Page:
Adjusting Your Business Model in the Face of the Pandemic
The pandemic has created an almost unique moment.
The world economy is in crisis. The International Monetary Fund (IMF) says the global economy will shrink five per cent this year.
In “Advanced Economies,” which include North America and Europe, it says the reduction will be eight per cent. There is a footnote about a “higher than usual degree of uncertainty” around its forecast. That is code for “this forecast could be a million miles away from reality.”
The U.S. economy shrank 33 per cent in the second quarter (Q2). The Eurozone shrank 12 per cent and the U.K. is expecting a 23 per cent shrinkage. With localized spikes of new COVID-19 cases in Europe, the U.S., Asia and Australia, a global shrinkage of five per cent seems wildly optimistic. We need to prepare for much worse.
Before COVID-19, we knew print volumes were declining. We knew that cartridge prices were compressing. We knew that there were too many OEMs and too many aftermarket players chasing slices of a shrinking pie. Rapid consolidation was already overdue.
The COVID crisis has amplified all of this.
Ricoh’s first quarter (Q1) is April, May and June. Sales were down 26 per cent to US$3.3 billion and profits were down 34 per cent. Brother’s Q1 showed a 16 per cent decline in sales to US$1.3 billion and a 51 per cent decline in profits.
Xerox reported sales of US$1.5 billion, a reduction of 35 per cent with profits tumbling 90 per cent. HP runs a weird financial calendar. Its Q2 is February, March and April. Total sales shrunk seven per cent to US$8.3 billion, however, the printing business unit saw sales shrink by 19 per cent. I expect their third quarter (Q3) numbers (May, June and July) will make Q2 look good!
For these and other OEMs, the uptick in sales of low footprint SOHO/COHO devices and supplies does not compensate for the losses in corporate and enterprise markets.
The aftermarket is hurting badly too. There are significant declines for major cartridge (re)manufacturers. Those that held on to their B2C ink business units have seen an uptick but, like the OEMs, nowhere near big enough to offset toner cartridge declines.
By contrast, Amazon posted the biggest profit in its 26-year history for Q2 (April, May and June). While those on high street had to close their doors and send people home, Amazon hired 175,000 new staff members. Sales grew 40 per cent to US$90 billion, delivering a profit of US$5.2 billion (double Q2 2019), despite a spend of US$4 billion on PPE and other COVID-19 related expenses. Its share price is up 60 per cent this year and its founder has become the richest person on the planet.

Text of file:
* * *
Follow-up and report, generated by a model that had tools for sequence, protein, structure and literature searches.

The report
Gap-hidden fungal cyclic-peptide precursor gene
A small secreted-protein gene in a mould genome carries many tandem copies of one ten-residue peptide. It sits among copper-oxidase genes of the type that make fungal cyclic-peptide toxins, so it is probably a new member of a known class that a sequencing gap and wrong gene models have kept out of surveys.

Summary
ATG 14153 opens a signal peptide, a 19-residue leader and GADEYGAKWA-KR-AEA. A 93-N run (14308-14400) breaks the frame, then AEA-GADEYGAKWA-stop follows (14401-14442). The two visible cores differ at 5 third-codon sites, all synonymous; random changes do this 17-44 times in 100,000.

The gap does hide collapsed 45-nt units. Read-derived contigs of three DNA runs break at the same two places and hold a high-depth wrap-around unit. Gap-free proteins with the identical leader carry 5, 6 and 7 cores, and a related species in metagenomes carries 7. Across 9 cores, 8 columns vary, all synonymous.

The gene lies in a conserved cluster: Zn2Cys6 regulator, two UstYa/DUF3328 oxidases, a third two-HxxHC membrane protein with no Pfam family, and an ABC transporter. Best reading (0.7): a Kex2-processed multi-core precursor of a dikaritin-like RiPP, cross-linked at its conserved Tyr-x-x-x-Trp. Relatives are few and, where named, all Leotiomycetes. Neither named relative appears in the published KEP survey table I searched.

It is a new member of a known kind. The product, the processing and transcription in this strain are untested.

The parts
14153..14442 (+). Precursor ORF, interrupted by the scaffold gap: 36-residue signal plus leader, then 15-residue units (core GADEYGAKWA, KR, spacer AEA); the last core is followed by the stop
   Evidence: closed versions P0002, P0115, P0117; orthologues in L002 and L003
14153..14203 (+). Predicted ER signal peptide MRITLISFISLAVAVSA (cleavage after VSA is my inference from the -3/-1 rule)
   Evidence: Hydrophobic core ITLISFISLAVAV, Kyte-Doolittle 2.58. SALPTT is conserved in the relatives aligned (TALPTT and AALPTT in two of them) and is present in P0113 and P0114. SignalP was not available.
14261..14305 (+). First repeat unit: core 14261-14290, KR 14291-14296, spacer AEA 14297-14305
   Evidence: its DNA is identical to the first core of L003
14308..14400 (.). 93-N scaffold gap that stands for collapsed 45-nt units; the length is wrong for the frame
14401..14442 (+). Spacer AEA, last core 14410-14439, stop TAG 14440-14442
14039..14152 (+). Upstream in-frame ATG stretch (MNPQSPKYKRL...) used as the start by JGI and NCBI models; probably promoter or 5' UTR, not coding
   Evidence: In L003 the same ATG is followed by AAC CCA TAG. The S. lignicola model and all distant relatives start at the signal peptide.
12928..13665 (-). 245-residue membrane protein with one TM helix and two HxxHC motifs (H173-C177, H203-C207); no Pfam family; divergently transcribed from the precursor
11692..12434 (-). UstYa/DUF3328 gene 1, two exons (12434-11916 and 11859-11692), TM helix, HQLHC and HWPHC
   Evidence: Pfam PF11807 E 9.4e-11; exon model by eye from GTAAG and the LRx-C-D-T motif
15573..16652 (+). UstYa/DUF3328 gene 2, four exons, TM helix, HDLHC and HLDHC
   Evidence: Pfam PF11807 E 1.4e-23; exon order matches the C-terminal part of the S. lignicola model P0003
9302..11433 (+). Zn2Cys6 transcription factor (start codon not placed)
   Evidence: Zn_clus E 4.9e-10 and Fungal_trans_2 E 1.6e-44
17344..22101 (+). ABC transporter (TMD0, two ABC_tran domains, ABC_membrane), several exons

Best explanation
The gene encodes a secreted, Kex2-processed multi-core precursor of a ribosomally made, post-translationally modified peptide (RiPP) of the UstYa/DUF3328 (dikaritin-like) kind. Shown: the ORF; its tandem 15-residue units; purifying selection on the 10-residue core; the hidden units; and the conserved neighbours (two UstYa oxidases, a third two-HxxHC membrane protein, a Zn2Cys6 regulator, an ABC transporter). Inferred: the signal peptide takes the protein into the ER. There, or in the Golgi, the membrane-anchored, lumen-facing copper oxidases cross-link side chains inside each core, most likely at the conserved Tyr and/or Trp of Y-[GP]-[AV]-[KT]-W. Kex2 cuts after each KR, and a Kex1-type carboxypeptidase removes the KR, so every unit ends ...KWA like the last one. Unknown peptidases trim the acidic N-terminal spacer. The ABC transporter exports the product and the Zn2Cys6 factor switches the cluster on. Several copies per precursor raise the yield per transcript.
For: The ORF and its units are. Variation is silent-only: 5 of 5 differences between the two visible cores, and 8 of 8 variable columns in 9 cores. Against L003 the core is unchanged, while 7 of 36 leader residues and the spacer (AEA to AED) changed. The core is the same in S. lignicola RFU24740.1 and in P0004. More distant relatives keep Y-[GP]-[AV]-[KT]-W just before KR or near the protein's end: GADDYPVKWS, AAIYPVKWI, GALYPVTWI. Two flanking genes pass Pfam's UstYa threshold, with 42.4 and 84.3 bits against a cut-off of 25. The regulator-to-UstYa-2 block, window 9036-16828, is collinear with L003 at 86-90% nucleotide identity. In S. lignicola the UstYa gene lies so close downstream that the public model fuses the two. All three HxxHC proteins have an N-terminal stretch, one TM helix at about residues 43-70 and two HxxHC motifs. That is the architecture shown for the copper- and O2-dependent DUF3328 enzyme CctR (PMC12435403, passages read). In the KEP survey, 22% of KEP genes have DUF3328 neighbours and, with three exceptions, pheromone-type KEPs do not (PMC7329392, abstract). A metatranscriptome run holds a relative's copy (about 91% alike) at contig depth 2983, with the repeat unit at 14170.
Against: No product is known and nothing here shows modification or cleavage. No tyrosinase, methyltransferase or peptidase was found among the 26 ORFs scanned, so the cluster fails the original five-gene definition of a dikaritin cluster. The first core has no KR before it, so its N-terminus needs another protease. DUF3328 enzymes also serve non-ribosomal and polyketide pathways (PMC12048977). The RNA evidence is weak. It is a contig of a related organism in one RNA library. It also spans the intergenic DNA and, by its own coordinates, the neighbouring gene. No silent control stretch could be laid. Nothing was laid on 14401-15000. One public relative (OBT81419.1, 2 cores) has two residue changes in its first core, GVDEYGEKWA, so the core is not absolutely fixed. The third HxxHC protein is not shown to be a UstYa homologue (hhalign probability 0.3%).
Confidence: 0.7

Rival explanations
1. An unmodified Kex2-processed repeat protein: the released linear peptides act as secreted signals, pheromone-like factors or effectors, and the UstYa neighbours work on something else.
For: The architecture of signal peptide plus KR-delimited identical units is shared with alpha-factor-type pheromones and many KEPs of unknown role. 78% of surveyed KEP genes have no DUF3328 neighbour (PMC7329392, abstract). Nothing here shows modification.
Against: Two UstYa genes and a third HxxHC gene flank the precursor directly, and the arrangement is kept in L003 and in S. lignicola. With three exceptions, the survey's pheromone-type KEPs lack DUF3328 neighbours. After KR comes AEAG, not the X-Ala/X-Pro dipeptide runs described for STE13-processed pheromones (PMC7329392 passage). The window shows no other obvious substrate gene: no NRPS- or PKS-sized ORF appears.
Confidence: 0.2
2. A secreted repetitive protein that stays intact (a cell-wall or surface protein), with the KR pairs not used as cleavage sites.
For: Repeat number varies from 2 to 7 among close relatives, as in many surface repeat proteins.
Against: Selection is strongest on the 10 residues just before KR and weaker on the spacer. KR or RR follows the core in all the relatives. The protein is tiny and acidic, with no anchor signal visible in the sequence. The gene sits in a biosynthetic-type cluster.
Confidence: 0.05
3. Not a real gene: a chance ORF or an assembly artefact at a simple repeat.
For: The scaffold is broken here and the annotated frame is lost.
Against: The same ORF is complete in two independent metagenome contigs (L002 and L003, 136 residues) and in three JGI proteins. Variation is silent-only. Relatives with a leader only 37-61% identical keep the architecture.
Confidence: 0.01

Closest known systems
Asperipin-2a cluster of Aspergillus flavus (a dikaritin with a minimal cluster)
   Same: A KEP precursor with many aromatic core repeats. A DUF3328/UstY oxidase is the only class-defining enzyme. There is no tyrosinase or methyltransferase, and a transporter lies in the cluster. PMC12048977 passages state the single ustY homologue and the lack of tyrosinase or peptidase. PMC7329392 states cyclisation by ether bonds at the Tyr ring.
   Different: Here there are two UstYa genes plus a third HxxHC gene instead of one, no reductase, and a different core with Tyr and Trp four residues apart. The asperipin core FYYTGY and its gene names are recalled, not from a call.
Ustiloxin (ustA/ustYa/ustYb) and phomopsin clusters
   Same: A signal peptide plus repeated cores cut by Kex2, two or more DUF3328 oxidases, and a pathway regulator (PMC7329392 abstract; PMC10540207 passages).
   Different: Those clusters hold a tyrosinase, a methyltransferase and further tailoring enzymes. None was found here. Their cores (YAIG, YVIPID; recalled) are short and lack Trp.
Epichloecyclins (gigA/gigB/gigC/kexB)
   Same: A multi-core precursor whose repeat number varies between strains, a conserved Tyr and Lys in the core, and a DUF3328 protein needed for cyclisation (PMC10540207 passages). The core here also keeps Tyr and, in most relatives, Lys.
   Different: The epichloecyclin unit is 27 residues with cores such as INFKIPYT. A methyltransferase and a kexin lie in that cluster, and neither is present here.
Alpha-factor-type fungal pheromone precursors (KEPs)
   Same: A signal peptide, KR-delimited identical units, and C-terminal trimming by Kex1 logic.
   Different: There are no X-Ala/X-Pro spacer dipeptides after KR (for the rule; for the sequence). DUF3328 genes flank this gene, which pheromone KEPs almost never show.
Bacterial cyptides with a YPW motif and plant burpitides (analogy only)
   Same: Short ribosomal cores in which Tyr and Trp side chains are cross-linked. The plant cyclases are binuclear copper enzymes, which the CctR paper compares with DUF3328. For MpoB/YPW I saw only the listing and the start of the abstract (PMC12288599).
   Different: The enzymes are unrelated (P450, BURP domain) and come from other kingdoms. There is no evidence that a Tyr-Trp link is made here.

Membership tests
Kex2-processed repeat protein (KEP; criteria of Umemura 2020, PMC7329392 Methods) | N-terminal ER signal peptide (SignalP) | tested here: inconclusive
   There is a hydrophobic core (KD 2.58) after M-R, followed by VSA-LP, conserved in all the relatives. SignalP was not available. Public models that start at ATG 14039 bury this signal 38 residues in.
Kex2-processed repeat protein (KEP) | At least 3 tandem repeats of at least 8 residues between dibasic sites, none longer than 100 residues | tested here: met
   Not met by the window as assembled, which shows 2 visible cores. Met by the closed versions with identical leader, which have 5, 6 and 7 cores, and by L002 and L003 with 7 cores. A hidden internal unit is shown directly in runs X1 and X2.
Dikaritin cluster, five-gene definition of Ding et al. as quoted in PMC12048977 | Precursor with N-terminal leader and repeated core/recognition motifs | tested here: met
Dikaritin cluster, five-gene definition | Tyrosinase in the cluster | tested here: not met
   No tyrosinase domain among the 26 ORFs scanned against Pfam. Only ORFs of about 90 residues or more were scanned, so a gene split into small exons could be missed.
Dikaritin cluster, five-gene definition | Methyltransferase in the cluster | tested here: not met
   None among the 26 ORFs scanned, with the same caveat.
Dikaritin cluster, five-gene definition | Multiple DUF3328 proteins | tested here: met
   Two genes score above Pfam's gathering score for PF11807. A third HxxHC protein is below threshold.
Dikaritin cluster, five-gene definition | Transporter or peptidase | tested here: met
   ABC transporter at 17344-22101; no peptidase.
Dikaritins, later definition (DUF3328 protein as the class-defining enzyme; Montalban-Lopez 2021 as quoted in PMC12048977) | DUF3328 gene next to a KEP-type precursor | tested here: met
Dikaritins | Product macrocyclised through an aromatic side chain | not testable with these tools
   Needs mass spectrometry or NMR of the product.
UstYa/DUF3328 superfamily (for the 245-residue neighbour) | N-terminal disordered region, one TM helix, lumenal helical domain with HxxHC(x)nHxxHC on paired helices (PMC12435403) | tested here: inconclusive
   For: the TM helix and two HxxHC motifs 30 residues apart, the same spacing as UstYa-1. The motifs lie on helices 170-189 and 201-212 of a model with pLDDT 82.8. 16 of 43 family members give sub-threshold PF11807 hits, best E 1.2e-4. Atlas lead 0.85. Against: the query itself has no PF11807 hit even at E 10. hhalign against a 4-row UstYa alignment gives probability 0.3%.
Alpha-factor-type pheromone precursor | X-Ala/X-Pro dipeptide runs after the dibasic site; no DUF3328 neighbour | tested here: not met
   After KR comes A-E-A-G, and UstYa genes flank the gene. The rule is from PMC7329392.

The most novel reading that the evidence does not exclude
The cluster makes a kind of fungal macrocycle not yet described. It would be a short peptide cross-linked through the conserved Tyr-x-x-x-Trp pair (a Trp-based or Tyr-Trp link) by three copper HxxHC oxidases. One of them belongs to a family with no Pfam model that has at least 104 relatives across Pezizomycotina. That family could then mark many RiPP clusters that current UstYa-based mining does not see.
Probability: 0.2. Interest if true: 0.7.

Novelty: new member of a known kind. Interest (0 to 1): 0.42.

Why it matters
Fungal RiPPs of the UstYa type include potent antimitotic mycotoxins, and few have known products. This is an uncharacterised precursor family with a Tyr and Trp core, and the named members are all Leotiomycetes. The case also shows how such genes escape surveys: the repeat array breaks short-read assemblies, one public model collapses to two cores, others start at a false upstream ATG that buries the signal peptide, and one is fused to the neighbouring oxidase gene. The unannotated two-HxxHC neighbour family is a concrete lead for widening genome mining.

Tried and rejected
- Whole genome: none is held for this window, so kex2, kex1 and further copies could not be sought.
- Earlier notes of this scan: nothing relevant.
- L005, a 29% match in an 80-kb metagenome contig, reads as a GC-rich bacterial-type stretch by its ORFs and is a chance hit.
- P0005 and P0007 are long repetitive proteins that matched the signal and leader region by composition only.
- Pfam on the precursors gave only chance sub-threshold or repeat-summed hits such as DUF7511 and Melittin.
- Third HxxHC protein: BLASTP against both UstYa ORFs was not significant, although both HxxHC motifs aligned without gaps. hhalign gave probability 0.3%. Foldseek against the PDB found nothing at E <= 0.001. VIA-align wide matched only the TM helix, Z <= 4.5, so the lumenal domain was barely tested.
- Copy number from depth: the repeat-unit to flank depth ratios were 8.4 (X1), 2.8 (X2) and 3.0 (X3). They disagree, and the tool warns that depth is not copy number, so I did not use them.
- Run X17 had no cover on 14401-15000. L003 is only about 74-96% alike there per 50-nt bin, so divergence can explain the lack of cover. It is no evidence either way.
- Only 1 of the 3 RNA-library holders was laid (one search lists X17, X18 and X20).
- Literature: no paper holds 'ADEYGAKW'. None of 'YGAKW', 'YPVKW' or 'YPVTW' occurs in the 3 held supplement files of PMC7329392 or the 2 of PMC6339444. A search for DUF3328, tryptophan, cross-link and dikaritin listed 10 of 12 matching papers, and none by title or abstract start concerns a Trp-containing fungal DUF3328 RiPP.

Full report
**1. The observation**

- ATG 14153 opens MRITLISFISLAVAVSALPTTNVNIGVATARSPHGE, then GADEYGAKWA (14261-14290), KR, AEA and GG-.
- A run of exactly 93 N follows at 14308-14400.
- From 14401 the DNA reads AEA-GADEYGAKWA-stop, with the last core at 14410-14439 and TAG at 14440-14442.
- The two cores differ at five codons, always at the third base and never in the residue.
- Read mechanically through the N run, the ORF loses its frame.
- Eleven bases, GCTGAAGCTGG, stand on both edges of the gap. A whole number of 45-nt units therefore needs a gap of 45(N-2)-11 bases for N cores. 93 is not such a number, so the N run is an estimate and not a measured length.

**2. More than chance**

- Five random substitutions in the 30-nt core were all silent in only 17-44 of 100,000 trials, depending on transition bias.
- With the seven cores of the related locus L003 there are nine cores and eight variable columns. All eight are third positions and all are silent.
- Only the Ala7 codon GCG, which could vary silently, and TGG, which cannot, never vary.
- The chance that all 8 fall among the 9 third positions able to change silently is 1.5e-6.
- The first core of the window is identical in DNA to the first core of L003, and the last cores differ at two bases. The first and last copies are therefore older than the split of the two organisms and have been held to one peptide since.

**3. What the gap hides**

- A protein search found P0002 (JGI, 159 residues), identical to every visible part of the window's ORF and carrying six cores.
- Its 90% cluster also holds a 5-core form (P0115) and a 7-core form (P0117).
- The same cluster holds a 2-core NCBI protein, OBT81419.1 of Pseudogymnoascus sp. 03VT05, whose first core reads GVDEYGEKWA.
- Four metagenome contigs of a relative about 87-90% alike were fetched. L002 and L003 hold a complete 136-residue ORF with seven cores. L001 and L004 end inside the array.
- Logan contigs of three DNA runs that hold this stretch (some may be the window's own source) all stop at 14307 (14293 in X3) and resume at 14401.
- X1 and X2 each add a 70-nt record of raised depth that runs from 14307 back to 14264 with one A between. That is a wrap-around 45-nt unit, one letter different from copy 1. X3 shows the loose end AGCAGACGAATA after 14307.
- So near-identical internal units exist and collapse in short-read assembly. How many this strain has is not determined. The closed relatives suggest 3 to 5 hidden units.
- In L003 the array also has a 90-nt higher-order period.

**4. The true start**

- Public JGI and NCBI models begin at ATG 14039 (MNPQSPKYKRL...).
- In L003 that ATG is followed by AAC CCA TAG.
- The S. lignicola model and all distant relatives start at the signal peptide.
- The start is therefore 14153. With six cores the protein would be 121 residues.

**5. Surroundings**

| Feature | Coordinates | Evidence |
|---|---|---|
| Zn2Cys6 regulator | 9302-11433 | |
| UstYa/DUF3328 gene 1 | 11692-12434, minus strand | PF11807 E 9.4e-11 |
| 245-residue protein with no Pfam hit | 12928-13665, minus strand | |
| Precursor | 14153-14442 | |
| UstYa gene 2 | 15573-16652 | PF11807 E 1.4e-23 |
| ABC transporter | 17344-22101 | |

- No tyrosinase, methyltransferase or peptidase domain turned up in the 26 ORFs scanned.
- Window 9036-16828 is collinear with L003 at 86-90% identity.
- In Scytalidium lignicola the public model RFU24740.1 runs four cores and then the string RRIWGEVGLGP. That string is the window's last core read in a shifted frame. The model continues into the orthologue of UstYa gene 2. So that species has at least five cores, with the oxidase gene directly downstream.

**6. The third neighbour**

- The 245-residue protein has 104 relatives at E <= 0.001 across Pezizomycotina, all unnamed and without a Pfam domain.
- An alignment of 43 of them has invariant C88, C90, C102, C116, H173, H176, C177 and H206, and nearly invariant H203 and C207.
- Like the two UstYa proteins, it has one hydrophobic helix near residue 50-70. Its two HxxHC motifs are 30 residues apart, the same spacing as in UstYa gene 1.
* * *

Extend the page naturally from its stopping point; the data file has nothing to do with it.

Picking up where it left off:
According to McKinsey, e-commerce accelerated five years in the first eight weeks of the lockdown. The pandemic has created an almost unique moment.
Normally, consumers tend to stubbornly maintain their routines. Habitual behavior hinders the adoption of new technology and innovations even when these are beneficial. COVID-19 has forced almost all of us to change our habits. This has delivered rapid change for huge numbers of people around the globe.
The home has become a multi-functional hub where we live, work, shop, and play. Our manufacturers and remanufacturers must help our channel resellers to navigate a route to this changed market. Channel resellers need the support of (re)manufacturers to deliver a solution for their customers. This solution must satisfy a reduced “HQ” demand but an increased COHO/SOHO demand. It can encompass refurbished hardware, OEM-alternative supplies, and cloud-based software to track consumption and expense. And lots more!
(Re)manufacturers must empower the reseller to give back control to the corporate/ SME enterprise. They must provide solutions that allow the reseller to help their enterprise customers replicate the employees’ office experiences at home. Our industry was built on the fundamental pillar of providing better value than the OEMs. That is the one thing that remains unchanged.
*This article is also published on page 45 of the latest edition of our magazine. Click here to download the whole PDF for free.
Mark Dawson is RT Imaging World’s Regional Partner for Europe and the Middle East.
He joined the imaging supplies industry in 1987 and has held senior positions with both American and European corporations, including MSE and Clover. He is currently a director with IOP (Internet of Printing BV) whose mission is to help independent resellers ﬁnd new revenue streams and optimize margins.
Dawson is partnering with RT to bring VIP Expo one day intensive events to Europe and the Middle East. For more information please contact him at <mark@ iopbv.com>
You can read more of Dawson’s opinions:
- Adjusting Your Business Model in the Face of the Pandemic
- Printer Supplies Opportunities Post COVID-19
- 3D Printer Opportunities for Independent Resellers
- New Opportunity for Resellers to Increase Sales
- The Urge to Pay Attention to the Environment
- What Independent Resellers of Printer Supplies Expect
- New-build Compatible or Remanufactured Printer Cartridges?
- The Future of Imaging Supplies is More than Imaging Supplies
- Blame the Internet of Course
- Transformational Leaders Needed for this Industry
- Why You Should Hire More Women
- Managing Channels to Get Better Distribution